Keep Your Hope Alive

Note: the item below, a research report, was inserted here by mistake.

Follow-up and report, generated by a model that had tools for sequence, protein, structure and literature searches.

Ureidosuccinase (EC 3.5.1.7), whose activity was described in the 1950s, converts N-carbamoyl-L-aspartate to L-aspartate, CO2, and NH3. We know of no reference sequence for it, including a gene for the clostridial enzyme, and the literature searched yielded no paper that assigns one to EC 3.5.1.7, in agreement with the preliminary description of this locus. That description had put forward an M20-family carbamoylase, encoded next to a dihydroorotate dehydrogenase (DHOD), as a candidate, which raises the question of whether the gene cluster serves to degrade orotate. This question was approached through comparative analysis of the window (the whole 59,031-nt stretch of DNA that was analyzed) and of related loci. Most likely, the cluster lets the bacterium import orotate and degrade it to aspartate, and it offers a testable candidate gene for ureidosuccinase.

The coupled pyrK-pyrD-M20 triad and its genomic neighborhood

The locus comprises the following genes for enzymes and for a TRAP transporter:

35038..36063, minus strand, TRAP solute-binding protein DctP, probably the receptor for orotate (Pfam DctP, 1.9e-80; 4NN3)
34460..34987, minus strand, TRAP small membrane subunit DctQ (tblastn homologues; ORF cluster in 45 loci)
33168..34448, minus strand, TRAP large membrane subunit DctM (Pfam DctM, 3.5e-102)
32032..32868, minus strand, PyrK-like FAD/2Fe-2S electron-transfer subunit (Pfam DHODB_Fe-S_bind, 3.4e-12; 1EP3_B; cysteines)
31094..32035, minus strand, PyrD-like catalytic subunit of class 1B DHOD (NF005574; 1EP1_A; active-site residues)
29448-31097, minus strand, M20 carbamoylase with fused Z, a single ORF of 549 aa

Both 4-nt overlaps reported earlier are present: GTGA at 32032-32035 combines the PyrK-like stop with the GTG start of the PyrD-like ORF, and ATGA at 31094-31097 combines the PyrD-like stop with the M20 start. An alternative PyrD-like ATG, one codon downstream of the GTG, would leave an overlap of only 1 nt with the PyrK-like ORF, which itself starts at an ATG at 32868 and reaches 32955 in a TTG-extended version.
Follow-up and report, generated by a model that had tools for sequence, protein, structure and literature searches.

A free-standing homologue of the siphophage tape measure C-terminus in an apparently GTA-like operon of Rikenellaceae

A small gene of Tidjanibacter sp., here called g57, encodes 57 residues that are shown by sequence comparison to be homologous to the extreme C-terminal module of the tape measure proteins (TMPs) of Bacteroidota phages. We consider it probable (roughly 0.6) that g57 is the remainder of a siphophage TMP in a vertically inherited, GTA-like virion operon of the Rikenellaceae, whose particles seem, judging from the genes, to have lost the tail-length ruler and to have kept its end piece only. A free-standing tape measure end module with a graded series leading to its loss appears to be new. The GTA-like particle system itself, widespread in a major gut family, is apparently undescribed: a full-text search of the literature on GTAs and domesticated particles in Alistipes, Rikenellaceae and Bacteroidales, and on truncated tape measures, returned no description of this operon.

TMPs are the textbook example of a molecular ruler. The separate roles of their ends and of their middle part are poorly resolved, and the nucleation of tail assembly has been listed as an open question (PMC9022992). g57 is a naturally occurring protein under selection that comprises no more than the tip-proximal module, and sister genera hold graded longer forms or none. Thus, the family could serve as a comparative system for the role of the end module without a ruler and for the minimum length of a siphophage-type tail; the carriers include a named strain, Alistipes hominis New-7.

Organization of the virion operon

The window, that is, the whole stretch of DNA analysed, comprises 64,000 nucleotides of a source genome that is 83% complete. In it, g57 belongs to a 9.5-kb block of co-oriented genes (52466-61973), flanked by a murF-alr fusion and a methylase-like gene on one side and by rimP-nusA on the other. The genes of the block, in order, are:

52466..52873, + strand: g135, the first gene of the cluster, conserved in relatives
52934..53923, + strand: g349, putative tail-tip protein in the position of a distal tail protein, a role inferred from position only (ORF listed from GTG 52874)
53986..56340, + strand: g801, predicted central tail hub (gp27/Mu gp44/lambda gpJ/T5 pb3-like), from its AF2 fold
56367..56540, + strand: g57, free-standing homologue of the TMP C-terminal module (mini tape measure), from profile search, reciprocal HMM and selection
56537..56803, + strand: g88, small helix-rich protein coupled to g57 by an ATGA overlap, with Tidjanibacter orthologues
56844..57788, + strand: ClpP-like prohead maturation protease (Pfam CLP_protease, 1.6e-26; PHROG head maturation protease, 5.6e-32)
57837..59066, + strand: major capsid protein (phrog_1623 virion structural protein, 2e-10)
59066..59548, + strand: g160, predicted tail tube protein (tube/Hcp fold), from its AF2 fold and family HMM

first_imgI consider myself to be an optimist. I have faith and hope. Perhaps this is the preacher’s daughter in me. As the sayinggoes, the apple does not fall far from the tree. It is ironicthat on Jan. 19, 2004, Dr. Martin Luther King Jr.’s birthday, Ibegan to have doubts about my outlook for Nova Scotia. As I readaccounts of comments made by the Municipal Association of PolicePersonnel (MAPP) at a news conference responding to the NovaScotia Human Rights Commission’s board of inquiry decision in theKirk Johnson matter, my heart sank and I once again worried aboutthe future of my province. I was born and raised in Sydney, in a place called Whitney Pier. I am proud to be from Whitney Pier, and equally proud to be aNova Scotian. I can clearly remember sitting on the front porchwith my friends waiting for our favourite police officer to passby. As little girls, we all had a special officer that weadmired. We were not afraid of the police, in fact I believethere was mutual respect between the police and our diversecommunity. When Carl “Campy” Crawford became the first black municipalpolice officer to join the Sydney force, our communitycelebrated. When Campy died in November 2003, the tiny St.Philips’s African Orthodox Church in Whitney Pier overflowed withpeople who loved him and wanted to honor his accomplishments. The police honour guard, police rank and file and top brass allpaid their respects to Campy. He was the police officer everyoneloved. Campy was a people person who respected everyone regardless oftheir colour. We heard stories about Campy going out of his wayto help people and to do good. We know that Campy must have hadhis challenges. Through it all, he never stopped smiling. He wasalways positive, always full of hope. He gave policing a goodname. Fast forward to Jan. 19, 2004. When I heard, and later read, thecomments by Sgt. John Gardner, president of MAPP, I could nothelp but remember Campy and think of the black police officers onthe Halifax force. I wondered what they were feeling. Did theyagree with Sgt. Gardner? If not, would they remain silent? Whowould support them if they disagreed publicly with the union? Ifthey remained silent would the black community understand? Theseofficers are in a difficult position. They have to work withinthe union and within the culture of policing. They have tosurvive. Martin Luther King Jr. was a man who fought for justice andfreedom. Dr. King was assassinated in Memphis, Tenn., where hewent to give support to the union representing garbage workers. It is ironic that on his birthday, MAPP chose to dismiss theindependent ruling of the human rights commission inquiry’s boardchair in the Johnson matter. The actions and words of MAPP canonly be characterized as showing a lack of respect for a processthat was fair and transparent. Is this the view of the majorityof the police rank and file? If it is, I am concerned that racerelations between the black community and the police has been setback by decades. Looking at recent news coverage, it would be possible to concludethat there is something wrong with the culture of policing inCanada. Scandals have racked Ontario police departmentsconcerning their interaction with visible minorities andaboriginal people. On the prairies, a public inquiry inSaskatchewan is examining whether there is police involvement inthe death of Neil Stonechild, an aboriginal man, who was found onthe outskirts of town and who eventually froze to death. Police are entrusted with the duty to protect us and to enforcethe law. We expect to feel safe when we see a police officer. Iwant to feel the way I did when I was a child waiting for thepolice to walk by, but MAPP’s comments make that difficult forme. The union missed a golden opportunity to demonstrateleadership in policing and race relations when it chose not toembrace the Johnson decision. I somehow feel we have been down this road before. Not long ago,our province was consumed by the inquiry into the Donald MarshallJr. prosecution. Mr. Marshall, a Mi’kmaq man from Cape Breton,was wrongly accused and convicted of a murder in Sydney and spent11 years behind bars before finally having his name cleared. TheMarshall Inquiry made a number of recommendations to improve theadministration of justice in Nova Scotia and ensure that whathappened to Mr. Marshall could not happen again. In the wake ofthe Johnson decision, I wonder how much progress has been madesince the Marshall Inquiry. The Johnson case is a complex matter. The implications of thiscase go beyond the Halifax police department, Const. MichaelSanford and the black community. This case affects all citizensand all police officers regardless of their colour or gender. Ifcertain members of our population cannot trust the police andvice versa then civil society and race relations in Nova Scotiawill remain dysfunctional. We cannot move forward if healing doesnot take place. If there is no truth there cannot bereconciliation. The board chair issued a ruling based on thefacts presented to him. He found “Const. Sanford discriminatedagainst Kirk Johnson in the course of the ticketing and towing ofhis vehicle.” MAPP’s comments appear to suggest that the chair’sdecision was more arbitrary. Before making up their minds, everyNova Scotian should read Mr. Girard’s decision and decide if thatis so. My dream, fueled by my faith and hope, has been to make thisprovince a centre of excellence in human rights. I grew tiredlong ago of hearing people describe our province as one of themost racist places in Canada based on news coverage of ColeHarbour, Donald Marshall Jr., Africville and now Kirk Johnson. Ibelieved Nova Scotia and its people deserved better. But my dream has been shaken. When I left Toronto five years agoto return home to accept my position with the Human RightsCommission, many people tried to discourage me. They said: “Youare black, you know how you will be treated.” But Nova Scotia ismy home and I came back to try and make a difference. Maybe withquiet reflection, prayers and inspiration from leaders such asMartin Luther King, Nelson Mandela, Archbishop Desmond Tutu,Mahatma Gandhi, John Humphries and John F. Kennedy, the cultureof policing will one day be one that civil society canunderstand, embrace, respect and trust. I commend Halifax Regional Police Chief Frank Beazley and DeputyChief Chris McNeil for their acceptance of the Johnson decisionand their willingness to move forward with the work mandated bythe board chair. However, as long as the rank and file hold theviews that were communicated by MAPP on Martin Luther King Jr.’sbirthday, I am afraid their desire and goodwill will never berealized. I wonder what Campy would have said to me these past few days? Yes, I think I hear his voice: “Girl, keep hope alive. Your hopeis only shaken, it’s not broken.” -30-last_img